Liu Cixin (The Three-Body Problem (Remembrance of Earth’s Past, #1))
By explaining the precise power that held groups together Freud could also show why groups did not fear danger. The members do not feel that they are alone with their own smallness and helplessness, as they have the powers of the hero-leader with whom they are identified. Natural narcissism-the feeling that the person next to you will die, but not you-is reinforced by trusting dependence on the leader's power. No wonder that hundreds of thousands of men marched up from trenches in the face of blistering gunfire in World War I. They were partially self-hypnotised, so to speak. No wonder men imagine victories against impossible odds: don't they have the omnipotent powers of the parental figure? Why are groups so blind and stupid?-men have always asked. Because they demand illusions, answered Freud, they "constantly give what is unreal precedence over what is real." And we know why. The real world is simply too terrible to admit; it tells man that he is a small, trembling animal who will decay and die. illusion changes all this, makes man seem important, vital to the universe, immortal in some way. Who transmits this illusion, if not the parents by imparting the macro-lie of the cultural causa-sui? The masses look to the leaders to give them just the untruth that they need; the leader continues the illusions that triumph over the castration complex and magnifies them into a truly heroic victory. Furthermore, he makes possible a new experience, the expression of forbidden impulses, secret wishes, and fantasies. In group behavior anything goes because the leader okays it. It is like being an omnipotent infant again, encouraged by the parent to indulge oneself plentifully, or like being in psychoanalytic therapy where the analyst doesn't censure you for anything you feel or think. In the group each man seems an omnipotent hero who can give full vent to his appetites under the approving eye of the father. And so we understand the terrifying sadism of group activity.
Ernest Becker (The Denial of Death)
Part of the irony of religion’s role is that in strengthening micro bonds between individuals, religion contributes to within-group homogeneity, heightens isolation from different groups, and reduces the opportunity for the formation of macro bonds—bonds between groups—that serve to integrate a society.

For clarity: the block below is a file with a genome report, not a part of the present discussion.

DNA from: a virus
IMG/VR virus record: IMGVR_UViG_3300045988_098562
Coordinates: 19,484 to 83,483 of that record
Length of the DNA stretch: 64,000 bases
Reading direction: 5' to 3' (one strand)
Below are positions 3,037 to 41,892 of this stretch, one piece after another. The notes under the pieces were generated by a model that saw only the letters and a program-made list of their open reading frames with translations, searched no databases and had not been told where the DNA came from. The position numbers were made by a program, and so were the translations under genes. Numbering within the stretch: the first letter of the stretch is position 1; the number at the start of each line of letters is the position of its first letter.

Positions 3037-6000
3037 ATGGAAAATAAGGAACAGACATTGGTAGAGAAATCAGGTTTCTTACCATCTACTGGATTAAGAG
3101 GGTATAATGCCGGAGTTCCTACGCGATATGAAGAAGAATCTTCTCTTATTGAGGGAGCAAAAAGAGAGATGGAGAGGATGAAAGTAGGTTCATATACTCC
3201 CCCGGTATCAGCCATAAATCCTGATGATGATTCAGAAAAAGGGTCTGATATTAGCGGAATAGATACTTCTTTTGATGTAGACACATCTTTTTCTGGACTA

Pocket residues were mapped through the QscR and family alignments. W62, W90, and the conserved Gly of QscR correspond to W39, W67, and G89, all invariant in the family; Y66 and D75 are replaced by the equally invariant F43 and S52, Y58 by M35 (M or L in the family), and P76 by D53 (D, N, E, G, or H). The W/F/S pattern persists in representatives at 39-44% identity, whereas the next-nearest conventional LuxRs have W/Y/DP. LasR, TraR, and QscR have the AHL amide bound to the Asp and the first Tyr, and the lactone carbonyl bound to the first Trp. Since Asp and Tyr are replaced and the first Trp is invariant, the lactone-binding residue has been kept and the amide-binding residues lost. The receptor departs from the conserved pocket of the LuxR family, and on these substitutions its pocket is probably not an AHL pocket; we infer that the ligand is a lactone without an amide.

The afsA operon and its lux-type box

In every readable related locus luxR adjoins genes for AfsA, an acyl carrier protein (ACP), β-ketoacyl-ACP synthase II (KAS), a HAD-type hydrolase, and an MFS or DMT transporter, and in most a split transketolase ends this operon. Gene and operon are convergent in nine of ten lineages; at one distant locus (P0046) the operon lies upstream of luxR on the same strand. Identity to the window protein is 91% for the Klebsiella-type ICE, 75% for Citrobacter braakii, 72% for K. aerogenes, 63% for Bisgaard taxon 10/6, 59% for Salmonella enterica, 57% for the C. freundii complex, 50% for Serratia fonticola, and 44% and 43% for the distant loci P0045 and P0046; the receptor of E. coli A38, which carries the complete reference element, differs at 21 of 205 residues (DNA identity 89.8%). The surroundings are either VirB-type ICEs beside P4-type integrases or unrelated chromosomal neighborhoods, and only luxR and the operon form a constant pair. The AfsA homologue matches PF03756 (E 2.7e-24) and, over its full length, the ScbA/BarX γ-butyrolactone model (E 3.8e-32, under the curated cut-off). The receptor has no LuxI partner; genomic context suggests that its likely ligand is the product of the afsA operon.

Christian Smith (Divided by Faith: Evangelical Religion and the Problem of Race in America)
La semiosfera è un sistema di sistemi, in ognuno dei quali vige una cultura diversa, un modo diverso di dare per scontato un diverso implicito culturale. Dato che il più piccolo di questi sistemi è l’individuo (che ha una sua cultura soggettiva), la comunicazione tra individui è comunicazione tra (micro)sistemi, come anche la comunicazione tra gruppi. L’insieme dei microsistemi dà vita a un gigantesco (macro)sistema, che Lotman chiama «semiosfera»:
Bruno Osimo (La traduzione totale: spunti per lo sviluppo della scienza della traduzione)
Worry about the macros and let the calories look after themselves.
Laura Childs
Top down (macro thinking) means I consider the big-picture issues before the small when making decisions, and these [big-picture] issues dominate my preferences. It does not mean I ignore the small issues, as they are necessary but not dominant.
Timothy Ferriss (Tribe of Mentors: Short Life Advice from the Best in the World)
But on the macro level, I also recognize the deep anti-black feelings that have been inculcated in me since childhood. These feelings surface immediately—in fact, before I can even think—when I conceptualize black people in general. The sentiments arise when I pass black strangers on the street, see stereotypical depictions of black people in the media, and hear the thinly veiled warnings and jokes passed between white people. These are the deeper feelings that I need to be willing to examine, for these feelings can and do seep out without my awareness and hurt those whom I love.
Robin DiAngelo (White Fragility: Why It's So Hard for White People to Talk About Racism)
Pug stepped into the rift and vanished. There was an audible intaking of breath at the sight, for only a few there knew what to expect. The following moments dragged on, and many unconsciously held their breath.Suddenly Pug appeared from the other side of the rift and an audible sigh of relief came from those who waited. He came back to the others and said, “It opens exactly where I had hoped it would. Macros’s spellcraft was flawless.” He took Katala’s hands. “It is next to the reflecting pool in the meditation glade.
Raymond E. Feist (Magician (The Riftwar Saga, #1-2))